Digital Control For Everyone: Recognizing Data Mining


In large letters with colored backgrounds, the pop-up window of the online shop says “I accept” with a very small “Individual privacy settings” underneath. It’s about cookies, personalized ads and individual content, to which – from the company’s point of view – users agree at best. Only few people are aware of the consequences. Social psychologists at the University of Duisburg-Essen (UDE) investigate how users with different backgrounds can make self-determined decisions about their digital data. The Federal Ministry of Education and Research is funding the project for three years with 1.23 million euros.

We act instinctively in the analog world: In a private conversation, we tilt our heads toward each other and lower our voices. Or we step aside to read a message alone. “If someone violates our privacy, our senses usually notify us,” explains Clara Strathmann, PhD student in the social psychology research group led by Prof. Dr. Nicole Krämer. “But if we are online, this intuition fails.”

Some people are particularly vulnerable in the digital world: Those who are poorly educated or have limited cognitive abilities, or people who do not speak the local language well enough. They are hardly in a position to come to an informed decision about the use of their data. Strathmann, Krämer and their team are therefore researching possible solutions in the recently launched project DiversPrivat – Diversitätsgerechter Privatheitsschutz in digitalen Umgebungen (translates to: Diversity-Oriented Privacy Protection in Digital Environments).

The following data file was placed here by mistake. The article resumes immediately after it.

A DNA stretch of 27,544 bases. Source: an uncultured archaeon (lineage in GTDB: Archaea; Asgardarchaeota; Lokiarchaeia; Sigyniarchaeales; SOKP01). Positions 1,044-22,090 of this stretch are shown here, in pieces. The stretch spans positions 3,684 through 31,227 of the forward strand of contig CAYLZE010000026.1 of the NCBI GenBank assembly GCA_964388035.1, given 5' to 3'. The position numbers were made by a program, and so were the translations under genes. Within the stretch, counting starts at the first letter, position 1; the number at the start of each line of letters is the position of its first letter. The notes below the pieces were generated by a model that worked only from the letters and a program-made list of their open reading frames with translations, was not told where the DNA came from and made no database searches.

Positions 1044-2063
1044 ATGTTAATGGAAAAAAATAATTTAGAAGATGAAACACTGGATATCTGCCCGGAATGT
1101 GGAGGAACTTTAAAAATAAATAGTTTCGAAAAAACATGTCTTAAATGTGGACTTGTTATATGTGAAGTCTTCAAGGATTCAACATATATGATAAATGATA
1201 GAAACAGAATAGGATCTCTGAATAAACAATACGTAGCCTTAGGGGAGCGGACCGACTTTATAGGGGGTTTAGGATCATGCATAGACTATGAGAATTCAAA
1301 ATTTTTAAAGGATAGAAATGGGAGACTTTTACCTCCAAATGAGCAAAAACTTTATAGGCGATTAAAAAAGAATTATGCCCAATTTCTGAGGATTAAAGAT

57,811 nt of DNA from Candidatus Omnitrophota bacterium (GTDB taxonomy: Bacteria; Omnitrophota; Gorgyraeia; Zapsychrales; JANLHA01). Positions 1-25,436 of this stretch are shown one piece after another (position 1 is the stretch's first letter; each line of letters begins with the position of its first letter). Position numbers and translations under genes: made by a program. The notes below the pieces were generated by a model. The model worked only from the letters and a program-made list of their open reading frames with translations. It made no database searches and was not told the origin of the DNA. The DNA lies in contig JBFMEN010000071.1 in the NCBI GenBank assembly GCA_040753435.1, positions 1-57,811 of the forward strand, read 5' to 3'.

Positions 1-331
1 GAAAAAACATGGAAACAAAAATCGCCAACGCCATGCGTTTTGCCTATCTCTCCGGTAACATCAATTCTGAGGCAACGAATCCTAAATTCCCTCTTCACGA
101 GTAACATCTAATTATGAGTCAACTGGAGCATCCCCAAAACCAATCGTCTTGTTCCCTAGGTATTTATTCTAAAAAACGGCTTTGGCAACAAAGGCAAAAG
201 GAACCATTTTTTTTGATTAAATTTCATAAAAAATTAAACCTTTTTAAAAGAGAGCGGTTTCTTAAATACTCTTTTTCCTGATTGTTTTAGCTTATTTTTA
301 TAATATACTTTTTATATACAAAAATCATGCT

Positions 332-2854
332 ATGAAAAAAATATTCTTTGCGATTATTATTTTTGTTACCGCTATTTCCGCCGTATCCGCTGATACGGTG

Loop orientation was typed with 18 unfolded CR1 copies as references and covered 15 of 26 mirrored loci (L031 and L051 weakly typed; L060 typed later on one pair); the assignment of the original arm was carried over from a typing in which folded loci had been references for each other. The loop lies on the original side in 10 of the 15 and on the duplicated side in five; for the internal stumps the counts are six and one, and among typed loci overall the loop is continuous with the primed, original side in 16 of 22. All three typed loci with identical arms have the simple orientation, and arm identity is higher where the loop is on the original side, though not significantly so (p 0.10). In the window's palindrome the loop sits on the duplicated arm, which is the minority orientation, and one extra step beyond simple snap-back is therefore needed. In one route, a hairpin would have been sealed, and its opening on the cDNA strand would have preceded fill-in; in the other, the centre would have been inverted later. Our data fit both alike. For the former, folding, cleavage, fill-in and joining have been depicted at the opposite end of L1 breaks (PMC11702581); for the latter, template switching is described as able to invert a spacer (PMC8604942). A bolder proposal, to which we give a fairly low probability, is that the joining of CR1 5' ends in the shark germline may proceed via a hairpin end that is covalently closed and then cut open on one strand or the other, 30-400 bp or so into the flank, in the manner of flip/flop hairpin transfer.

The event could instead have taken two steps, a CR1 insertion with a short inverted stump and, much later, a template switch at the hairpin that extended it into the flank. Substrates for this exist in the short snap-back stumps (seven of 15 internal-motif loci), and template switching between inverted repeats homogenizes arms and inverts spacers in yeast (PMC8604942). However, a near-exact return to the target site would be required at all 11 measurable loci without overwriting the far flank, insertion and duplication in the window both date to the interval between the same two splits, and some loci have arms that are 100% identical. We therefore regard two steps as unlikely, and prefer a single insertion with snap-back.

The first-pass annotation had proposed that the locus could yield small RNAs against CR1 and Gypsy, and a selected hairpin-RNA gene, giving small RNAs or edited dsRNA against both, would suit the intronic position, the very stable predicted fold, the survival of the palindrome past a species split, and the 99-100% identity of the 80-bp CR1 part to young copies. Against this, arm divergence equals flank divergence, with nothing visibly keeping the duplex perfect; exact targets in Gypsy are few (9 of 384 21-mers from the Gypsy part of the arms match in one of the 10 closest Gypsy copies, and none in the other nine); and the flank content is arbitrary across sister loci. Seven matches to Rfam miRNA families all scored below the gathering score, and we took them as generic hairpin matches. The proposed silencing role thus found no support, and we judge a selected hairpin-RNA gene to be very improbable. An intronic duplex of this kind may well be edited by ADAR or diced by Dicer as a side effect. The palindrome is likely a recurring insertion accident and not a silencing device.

The researchers intend to increase sensitivity to the disclosure of private data to avoid potential negative consequences. Based on the results of the study, they are developing suitable signals that, for example, attract attention visually or acoustically. The team hopes that this will prevent people from agreeing to the collection of data too quickly. In order to make the project as practical and ready for application as possible, colleagues from the University of Kassel are analyzing the legal aspects. Ethicists from the universities of Passau and Tübingen are involved as well.

“Together, we will explore ways to perceive digital privacy violations as instinctively as we do in analog life,” Strathmann says. “The physical feeling we have when someone peers over our shoulder without invitation is something we’re all familiar with. It would be perfect if we were able to map that online and make it perceptible.”

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